How the Prayer Word Bestirs

The following text by Reb Zalman is for this week’s Torah portion, Shabbos Chaye Sarah. (Click here for Hebrew/English version).   Gabbai Seth Fishman, BLOG Editor

And before I had finished lidaber / speaking to my heart, behold, Rebecca came forth with her pitcher on her shoulder.” (Genesis 24:45).

The “speaking to my heart” refers to the previous line, where Eliezer, the servant of Abraham said, (ibid, 42), “And I came this day unto the well and said, havaye God of my lord Abraham, etc.’”  And the prayer there was described here as a dibbur / speaking to the heart, i.e. that havaye dwells within the inside of the heart. 

As explained by the holy Rabbi, Rabbi Abraham Joshua Heschel of Apt, on the section of Leviticus 26:12,”And I will walk among you,” in the holy book, Ohev Yisrael, on section bechukotai, expounding on the text, “v’hit-halachti / and I will walk,” here’s what he says:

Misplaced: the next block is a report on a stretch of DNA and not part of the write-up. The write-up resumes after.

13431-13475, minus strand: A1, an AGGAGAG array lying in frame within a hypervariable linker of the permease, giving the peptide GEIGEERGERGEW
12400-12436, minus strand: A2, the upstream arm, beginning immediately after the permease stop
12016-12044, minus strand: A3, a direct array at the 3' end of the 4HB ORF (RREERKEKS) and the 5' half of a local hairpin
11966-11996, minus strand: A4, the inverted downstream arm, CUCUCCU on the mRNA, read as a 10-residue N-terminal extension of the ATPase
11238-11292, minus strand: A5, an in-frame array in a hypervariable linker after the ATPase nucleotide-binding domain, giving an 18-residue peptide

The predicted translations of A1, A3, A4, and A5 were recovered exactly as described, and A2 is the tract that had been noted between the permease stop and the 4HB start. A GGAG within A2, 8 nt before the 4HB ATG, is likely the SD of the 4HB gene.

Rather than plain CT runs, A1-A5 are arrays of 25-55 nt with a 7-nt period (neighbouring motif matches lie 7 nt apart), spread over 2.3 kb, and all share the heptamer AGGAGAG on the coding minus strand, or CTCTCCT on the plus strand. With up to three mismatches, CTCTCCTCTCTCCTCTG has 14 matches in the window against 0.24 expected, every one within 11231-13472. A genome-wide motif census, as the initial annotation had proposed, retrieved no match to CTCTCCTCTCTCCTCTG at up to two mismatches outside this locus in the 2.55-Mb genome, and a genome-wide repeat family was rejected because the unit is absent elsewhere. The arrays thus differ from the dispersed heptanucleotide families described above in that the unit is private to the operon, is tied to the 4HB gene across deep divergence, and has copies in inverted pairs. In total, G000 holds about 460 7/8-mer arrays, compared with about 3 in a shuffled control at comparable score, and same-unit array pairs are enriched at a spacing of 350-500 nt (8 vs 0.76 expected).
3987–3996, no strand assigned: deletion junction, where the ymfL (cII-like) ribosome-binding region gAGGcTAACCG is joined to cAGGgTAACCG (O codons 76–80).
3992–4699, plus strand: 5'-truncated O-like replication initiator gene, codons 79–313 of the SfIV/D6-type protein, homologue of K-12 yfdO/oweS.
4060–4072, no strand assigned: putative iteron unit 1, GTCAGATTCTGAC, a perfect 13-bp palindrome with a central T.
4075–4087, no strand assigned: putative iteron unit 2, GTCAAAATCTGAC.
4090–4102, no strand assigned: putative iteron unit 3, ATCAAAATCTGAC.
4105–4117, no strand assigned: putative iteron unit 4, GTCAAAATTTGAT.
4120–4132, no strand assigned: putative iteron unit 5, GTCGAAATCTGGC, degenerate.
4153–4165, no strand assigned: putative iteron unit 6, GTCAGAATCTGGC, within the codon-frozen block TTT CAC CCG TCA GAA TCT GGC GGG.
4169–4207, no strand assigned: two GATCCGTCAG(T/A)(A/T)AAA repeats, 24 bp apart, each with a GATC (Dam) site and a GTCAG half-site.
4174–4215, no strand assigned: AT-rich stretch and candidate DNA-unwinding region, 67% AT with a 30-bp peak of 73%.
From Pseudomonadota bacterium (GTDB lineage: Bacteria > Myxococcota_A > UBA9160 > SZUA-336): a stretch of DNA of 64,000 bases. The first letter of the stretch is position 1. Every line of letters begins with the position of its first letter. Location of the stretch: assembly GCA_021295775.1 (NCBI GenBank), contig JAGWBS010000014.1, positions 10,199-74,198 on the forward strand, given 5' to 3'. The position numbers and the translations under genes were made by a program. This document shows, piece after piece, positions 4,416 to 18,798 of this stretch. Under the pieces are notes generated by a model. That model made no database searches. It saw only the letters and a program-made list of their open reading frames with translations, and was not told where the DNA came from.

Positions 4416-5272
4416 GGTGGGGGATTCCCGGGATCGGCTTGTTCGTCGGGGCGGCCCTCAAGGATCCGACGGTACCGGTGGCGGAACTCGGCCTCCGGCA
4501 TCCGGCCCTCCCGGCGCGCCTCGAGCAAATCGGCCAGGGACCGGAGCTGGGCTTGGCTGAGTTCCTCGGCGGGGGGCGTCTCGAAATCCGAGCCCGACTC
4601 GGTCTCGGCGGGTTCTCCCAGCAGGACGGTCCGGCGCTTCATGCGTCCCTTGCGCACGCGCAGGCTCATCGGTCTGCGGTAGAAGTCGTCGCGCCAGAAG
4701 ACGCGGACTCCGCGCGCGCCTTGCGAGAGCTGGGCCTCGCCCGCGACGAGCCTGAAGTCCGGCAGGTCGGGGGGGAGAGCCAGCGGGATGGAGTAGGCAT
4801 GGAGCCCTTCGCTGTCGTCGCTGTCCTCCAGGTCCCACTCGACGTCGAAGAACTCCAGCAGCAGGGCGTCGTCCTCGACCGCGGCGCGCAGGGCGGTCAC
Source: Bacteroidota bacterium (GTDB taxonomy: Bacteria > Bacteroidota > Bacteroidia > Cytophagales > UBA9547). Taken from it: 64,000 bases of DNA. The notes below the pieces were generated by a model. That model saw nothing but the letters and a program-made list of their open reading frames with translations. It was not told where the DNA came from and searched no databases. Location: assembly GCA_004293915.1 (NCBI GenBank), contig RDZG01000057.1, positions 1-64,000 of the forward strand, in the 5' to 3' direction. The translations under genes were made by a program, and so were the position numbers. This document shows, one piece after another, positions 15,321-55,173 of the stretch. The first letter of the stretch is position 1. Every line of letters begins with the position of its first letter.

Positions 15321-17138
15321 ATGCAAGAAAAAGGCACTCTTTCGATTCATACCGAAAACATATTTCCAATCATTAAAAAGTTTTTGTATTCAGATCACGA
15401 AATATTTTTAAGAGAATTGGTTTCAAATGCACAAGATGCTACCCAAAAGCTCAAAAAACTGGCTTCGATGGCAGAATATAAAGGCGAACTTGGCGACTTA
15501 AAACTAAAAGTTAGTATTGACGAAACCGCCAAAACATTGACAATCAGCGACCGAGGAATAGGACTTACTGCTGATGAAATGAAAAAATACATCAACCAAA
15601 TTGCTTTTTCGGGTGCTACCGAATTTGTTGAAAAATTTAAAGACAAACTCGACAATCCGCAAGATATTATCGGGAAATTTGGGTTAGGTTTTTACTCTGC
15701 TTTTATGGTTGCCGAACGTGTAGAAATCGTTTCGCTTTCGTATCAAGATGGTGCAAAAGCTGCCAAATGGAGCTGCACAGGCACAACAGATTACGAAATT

“For on the level of a human’s inner-space is the holy neshamah.  And inside the neshamah is its source and its root which comes from the holy supernal world, which is the level and secret of the holy garden as is known [by Kabbalists] and it is the category of Yesod hamluchah hakadosha haelyona  / the foundation of the holy supernal kingdom.”  (End of quote, cf. there for the rest).

And [speaking to the heart / speaking to God] was explained in this great reference, i.e., how it is possible to speak to havaye as though S/He is outside of a person.

On the other hand, if one worships without speaking one to an other, as an ‘I’ to a ‘You,’ then the prayer is only a thought within a person and will not effect a bringing about of God’s awe and mercy.  In this case, it will be only as a heart feeling that does not fly toward on high. 

So while the words are being spoken, at the same time, the intending must be in the heart, and this is how the prayer word bestirs.

Rabbi Zalman Schachter-Shalomi
from Yishmiru Daat (2009 revision),
Parashat Chaye Sarah,” p. 31

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